Critical response to the Streiber’s books hasn’t universally been favorable. Once, a Los Angeles Times book editor shuffled a best-selling Strieber non-fiction work to the fiction list. Robert Sheaffer, longtime columnist for Skeptical Inquirer magazine, dismissed Strieber’s claims as “implausibility upon implausibility upon implausibility.” “The astonishing things he writes — there’s no evidence for any of this stuff,” Sheaffer said. “He’s a masterful storyteller.”
“They are way out there – these sorts of experiences strain credulity if we interpret them literally,” Kripal said.
The mind of human spirit is vastly more complex and mysterious than we think.”
At issue, Kripal said, is the nature of consciousness.
“Little blue men might be fairly unique to a culture and time,” Kripal said, “but small humanoids are everywhere throughout religious literature…That doesn’t mean that there are actual little blue trolls running around, but that also doesn’t mean Whitley’s experience is anecdotal. They fit into a pattern that we see throughout history. What it means I don’t claim to know. But it’s not unique to him. It’s a common human experience, and that means he’s not making it up. It sounds extravagant in our culture, but it wouldn’t have seemed so 300 years ago. It would have seemed normal.”
“I make a distinction between skeptics and debunkers,” he said. “Skepticism has a noble history going back to ancient Greece. Skeptics are skeptical of everything.
‘How can it be both?’
Strieber admitted that he, too, is puzzled by much of what he said he experienced. But, he said, he believes that at least some of the phenomena were physical. “It’s both nightmare and physical experience at the same time,” he said. “It’s interesting and strange. How can it be both?” Illustrating the point, he said, was an encounter he had with a pair of non-human entities who entered his house without triggering its burglar alarm to insert a small metal object in his ear. “There was no scar, there was just a lump, a sore,” he said. “They didn’t open me up. So how did they do it?”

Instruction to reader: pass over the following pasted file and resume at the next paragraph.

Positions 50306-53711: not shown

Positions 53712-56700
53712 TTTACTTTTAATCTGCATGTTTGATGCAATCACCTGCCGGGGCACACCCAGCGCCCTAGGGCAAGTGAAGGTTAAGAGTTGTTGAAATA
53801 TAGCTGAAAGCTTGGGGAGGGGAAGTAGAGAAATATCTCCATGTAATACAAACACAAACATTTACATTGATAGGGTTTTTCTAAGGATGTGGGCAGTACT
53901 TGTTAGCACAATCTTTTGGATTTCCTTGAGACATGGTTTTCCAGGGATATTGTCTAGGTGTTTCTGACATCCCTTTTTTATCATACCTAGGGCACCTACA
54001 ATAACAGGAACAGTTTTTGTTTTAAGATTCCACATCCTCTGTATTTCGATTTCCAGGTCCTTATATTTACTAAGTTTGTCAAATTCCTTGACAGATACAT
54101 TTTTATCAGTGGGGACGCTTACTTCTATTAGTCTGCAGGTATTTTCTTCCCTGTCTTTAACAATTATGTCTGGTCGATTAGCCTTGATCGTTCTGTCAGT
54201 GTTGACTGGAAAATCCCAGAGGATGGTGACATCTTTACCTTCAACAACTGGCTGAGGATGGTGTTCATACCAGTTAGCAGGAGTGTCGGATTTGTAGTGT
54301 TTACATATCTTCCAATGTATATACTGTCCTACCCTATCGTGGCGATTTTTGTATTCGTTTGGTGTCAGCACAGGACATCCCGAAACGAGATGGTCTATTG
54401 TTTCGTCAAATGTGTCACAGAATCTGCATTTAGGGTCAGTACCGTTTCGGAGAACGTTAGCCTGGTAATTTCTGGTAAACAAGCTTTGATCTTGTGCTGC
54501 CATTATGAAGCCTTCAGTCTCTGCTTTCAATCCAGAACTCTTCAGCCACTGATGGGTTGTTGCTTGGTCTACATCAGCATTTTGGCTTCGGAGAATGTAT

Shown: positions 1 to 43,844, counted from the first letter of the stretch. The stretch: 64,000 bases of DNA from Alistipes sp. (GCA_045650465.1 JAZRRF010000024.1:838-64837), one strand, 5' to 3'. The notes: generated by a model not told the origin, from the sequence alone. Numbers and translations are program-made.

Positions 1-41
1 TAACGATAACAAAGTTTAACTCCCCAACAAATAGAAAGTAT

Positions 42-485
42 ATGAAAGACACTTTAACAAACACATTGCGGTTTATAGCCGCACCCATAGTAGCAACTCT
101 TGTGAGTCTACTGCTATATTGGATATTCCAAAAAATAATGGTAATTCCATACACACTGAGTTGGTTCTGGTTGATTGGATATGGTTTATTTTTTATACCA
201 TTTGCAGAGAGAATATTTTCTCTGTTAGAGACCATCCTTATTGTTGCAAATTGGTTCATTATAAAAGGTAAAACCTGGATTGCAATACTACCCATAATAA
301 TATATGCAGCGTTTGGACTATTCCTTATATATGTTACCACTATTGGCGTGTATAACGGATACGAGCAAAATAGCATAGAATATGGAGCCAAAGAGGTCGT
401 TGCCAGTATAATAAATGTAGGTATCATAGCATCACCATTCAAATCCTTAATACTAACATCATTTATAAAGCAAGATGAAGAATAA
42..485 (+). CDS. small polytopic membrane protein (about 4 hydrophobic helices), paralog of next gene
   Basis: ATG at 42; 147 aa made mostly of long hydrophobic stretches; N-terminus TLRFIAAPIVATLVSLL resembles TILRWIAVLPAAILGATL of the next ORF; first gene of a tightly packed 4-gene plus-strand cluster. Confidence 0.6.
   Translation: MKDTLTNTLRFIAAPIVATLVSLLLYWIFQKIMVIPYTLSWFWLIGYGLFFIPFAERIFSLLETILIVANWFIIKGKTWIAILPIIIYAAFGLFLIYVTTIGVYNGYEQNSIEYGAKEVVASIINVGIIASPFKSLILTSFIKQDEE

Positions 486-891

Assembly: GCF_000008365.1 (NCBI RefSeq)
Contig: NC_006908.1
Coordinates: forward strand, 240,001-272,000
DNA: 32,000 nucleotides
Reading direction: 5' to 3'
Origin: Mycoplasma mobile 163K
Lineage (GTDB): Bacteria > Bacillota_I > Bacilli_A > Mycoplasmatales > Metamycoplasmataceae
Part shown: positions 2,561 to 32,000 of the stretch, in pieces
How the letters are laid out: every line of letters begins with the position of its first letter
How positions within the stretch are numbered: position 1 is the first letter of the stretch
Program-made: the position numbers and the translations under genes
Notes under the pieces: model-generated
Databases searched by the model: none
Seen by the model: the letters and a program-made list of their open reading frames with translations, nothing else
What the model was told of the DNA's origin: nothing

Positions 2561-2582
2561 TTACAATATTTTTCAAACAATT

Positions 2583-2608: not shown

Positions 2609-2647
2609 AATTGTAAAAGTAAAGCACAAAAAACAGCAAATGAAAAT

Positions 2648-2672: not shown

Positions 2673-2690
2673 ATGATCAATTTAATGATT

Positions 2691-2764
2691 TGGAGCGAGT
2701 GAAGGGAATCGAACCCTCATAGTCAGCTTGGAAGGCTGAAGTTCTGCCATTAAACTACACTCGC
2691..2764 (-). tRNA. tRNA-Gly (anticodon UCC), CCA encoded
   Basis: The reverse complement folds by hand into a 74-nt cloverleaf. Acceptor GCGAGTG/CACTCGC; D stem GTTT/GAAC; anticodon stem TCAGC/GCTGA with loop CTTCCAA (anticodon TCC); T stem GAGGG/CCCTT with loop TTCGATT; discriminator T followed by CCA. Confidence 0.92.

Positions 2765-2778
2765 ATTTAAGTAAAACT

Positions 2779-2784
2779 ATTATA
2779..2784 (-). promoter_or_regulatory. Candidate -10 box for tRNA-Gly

Strieber said he consulted a physician, but the doctor was unable to remove the “implant.” “He did pull out a little piece of it, a metal base with cillia. They moved. A pathologist saw it under a microscope.”
Precognition – the knowing of things before they happen – is another in the array of strange occurrences Kripal has pondered.
A religious experience
Mark Twain, he noted, experienced a disturbing dream in June 1858 while he and his brother, Henry, both riverboat workers, were in port at St. Louis. In the dream, which Twain later recounted in a magazine article, the humorist saw his brother lying in a coffin. “The dream was so vivid, so like reality, that it deceived me and I thought it was real,” Twain wrote. In the dream, Twain’s brother wore one of the author’s suits; a bouquet of white flowers with a single red blossom at its center rested on the dead man’s chest. A few weeks later, Twain’s brother fatally was injured in a steamboat accident. “When I came back and entered the dead-room,” Twain wrote, “Henry lay in that open case, and he was dressed in a suit of my clothing. He had borrowed it without my knowledge during our last sojourn in St. Louis.” All the details of the real-life scene matched the dream, except for the flowers. Then, as the author watched, an elderly woman placed a bouquet of white roses on corpse’s chest. In the center was a red bloom.